Moving’ Past Art


Phillips Collection Juxtaposes Early Movies With Paintings

Psst.… want to see a new movie that’s more than 100 years old? How does “The May Irwin Kiss” from 1896 sound?

You can see some of the most original—and we do mean original—movies that you’re ever likely to see by heading down to the Phillips Collection and taking in “Moving Pictures: American Art and Early Film.”

The original exhibition juxtapositions the timeless, even groundbreaking art by such late 19th-century artists as Maurice Prendergast, Thomas Eakins, John Sloan, Mary Cassatt, Frederic Remington and John Philip Sargent, among many others, with the earliest (1880-1910), most primitive of motion pictures, also dubbed “moving” pictures. The display is one of crosspollination, examining how filmmakers and visual artists were inspired by one another, worked together and related to each other’s works.

The concept is not entirely convincing except in the obvious similarities between the two media, but what is interesting are the raw, truly kinetic slices of film and how they relate not so much to painting, but to the technology that makes it possible to see them during the course of an art exhibition.

What’s exciting is that these little movies—snippets of a man flexing his muscles, water rushing down Niagara, a whirling dancer—in their own archaic and anarchic way are as brand new as a raucous baby.

They’re not especially good in an artistic sense—the way that the paintings are—but there’s something more forceful, even gutsy, about these early moving pictures. Nor are they realistic in that they’re exactly what you might see if you happened by. Instead, they share the same features as all photographed, drawn, painted and other created artwork: borders, points of view, the limits of a frame, and black-and-white depictions.

But somehow, these strips of film—shown on 46 large flat-screen monitors continuously running 60 movies—are electric, like a shock to the system. They allow us to imagine what their effect might have been on the people who saw them for the first time 100 years ago.

The paintings, on the other hand—abstraction had not made its rowdy debut yet—are representative of what people saw in daily life. Beyond issues of style and genius, they portrayed familiar images—a woman holding a child, diners in a restaurant, etc. But artistic genius, in this case, can’t compete with raw novelty. The famous kiss in “May Irwin Kiss,” the first-ever onscreen kiss, isn’t a depiction of a kiss—it’s an actual kiss, with all of its quirky movements.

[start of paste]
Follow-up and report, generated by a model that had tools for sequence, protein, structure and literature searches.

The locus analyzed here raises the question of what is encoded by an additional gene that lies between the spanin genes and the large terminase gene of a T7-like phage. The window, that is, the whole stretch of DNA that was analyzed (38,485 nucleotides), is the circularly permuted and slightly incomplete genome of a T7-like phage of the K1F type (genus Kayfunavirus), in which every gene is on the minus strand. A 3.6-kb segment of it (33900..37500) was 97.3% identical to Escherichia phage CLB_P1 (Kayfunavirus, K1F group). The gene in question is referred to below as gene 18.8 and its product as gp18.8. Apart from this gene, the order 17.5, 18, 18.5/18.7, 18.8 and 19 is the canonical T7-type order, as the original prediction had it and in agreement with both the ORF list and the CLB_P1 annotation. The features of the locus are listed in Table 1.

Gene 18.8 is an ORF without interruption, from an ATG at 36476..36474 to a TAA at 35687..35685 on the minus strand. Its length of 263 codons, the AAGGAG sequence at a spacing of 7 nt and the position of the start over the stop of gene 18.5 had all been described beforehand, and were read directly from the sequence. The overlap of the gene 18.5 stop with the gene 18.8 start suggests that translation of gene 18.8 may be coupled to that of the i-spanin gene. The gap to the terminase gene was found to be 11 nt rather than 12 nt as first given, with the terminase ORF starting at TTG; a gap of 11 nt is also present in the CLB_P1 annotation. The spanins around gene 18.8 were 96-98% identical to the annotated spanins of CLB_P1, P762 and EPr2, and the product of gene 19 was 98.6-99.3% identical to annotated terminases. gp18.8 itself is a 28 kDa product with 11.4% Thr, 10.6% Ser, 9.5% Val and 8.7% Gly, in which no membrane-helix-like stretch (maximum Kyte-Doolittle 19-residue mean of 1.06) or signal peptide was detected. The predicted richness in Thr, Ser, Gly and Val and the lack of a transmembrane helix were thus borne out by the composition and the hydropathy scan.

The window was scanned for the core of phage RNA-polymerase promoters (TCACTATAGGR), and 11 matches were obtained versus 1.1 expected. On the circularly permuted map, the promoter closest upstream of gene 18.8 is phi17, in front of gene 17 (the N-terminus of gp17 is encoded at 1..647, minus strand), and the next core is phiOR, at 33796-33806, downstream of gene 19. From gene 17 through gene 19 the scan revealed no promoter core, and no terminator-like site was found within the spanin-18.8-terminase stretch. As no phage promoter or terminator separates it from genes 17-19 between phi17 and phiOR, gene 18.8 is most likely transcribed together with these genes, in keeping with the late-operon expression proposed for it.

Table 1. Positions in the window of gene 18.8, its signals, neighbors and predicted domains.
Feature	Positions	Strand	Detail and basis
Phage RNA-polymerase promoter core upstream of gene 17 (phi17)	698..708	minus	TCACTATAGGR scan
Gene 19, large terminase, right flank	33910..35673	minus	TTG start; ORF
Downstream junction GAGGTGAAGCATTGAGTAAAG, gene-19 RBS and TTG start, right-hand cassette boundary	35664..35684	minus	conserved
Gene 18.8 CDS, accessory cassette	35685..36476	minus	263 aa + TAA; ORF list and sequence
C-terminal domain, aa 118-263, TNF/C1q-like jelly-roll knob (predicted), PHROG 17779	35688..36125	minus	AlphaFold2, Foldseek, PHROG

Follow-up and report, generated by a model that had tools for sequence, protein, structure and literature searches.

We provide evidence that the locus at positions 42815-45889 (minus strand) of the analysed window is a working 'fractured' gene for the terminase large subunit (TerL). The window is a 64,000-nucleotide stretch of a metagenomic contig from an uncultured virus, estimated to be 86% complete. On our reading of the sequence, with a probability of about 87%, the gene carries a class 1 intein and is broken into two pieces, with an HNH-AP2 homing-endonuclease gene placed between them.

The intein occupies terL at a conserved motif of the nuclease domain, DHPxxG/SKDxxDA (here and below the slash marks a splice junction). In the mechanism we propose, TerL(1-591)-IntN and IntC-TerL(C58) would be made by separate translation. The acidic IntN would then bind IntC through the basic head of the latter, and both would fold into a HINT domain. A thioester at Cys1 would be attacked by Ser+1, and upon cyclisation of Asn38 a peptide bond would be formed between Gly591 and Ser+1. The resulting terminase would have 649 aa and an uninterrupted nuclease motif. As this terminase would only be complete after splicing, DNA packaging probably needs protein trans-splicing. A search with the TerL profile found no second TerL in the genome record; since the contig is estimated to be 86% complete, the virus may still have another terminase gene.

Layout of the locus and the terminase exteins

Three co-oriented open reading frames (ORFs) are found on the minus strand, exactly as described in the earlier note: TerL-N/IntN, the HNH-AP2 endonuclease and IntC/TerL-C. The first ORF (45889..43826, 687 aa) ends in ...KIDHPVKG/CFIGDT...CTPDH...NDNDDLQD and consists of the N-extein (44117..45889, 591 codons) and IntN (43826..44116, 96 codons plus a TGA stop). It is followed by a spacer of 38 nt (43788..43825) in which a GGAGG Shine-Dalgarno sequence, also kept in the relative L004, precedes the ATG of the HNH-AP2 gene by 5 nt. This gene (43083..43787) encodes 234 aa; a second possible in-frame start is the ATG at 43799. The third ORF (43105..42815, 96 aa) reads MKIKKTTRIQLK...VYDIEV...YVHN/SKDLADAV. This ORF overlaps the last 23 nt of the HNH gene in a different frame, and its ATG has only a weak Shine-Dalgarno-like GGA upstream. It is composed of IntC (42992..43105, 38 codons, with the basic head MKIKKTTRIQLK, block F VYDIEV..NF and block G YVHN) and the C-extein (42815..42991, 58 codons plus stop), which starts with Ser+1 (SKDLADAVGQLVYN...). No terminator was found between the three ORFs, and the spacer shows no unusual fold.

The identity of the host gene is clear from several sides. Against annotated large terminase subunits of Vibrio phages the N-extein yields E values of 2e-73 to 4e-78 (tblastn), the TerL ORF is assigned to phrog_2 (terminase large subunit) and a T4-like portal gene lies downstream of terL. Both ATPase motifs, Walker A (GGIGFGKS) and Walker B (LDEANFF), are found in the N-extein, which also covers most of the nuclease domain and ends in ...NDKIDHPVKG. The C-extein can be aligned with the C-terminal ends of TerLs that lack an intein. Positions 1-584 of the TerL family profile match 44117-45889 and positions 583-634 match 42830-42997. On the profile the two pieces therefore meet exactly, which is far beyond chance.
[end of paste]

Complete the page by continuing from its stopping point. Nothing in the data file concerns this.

Put simply, images of that time just did not move—but these films did, and something changed when that happened: Artful imagery no longer ruled, but rather retreated into the sphere of art. The narrative in film then began to raise issues of art in cinema, beginning with the disarming “The Great Train Robbery” of 1903 and later, the wilder visions of filmmakers Man Ray and Luis Buñuel, which echoed different artistic issues of the times.

Likewise today, we’re accustomed to film doing all sorts of things—currently we’re swept up in how computer graphics change what film is capable of, forcing us to look at the medium in a new way.

That’s what happened back then too. People who read periodicals and saw posters and went to museums were familiar with high art as popular art. What they weren’t familiar with was raw footage that practically poked you in the eye.

But were paintings such as Prendergast’s “Surf, Cohasset” or Sloan’s “The Wake of the Ferry II” influenced by earlier moving pictures of the same subjects? It’s an interesting idea, as is the reverse idea that anonymous folks from the Thomas Edison Company would draw their ideas from paintings.

One thing is for sure: These moving pictures changed art, life and how people saw their surroundings and themselves. In this setting, the paintings remain beautiful works, but they become quiet and still, almost secretive. On the other hand, people stared, as if hypnotized, at a film of a woman pinning dresses to a clothing line or the froth of an ocean wave—pictures of motion actually moving.

Moving Pictures: American Art and Early Film through May 20 Phillips Collection 1600 21st St., NW For more information, please call (202) 387-2151 or visit

About the Author

Gary Tischler is a contributing writer for The Washington Diplomat.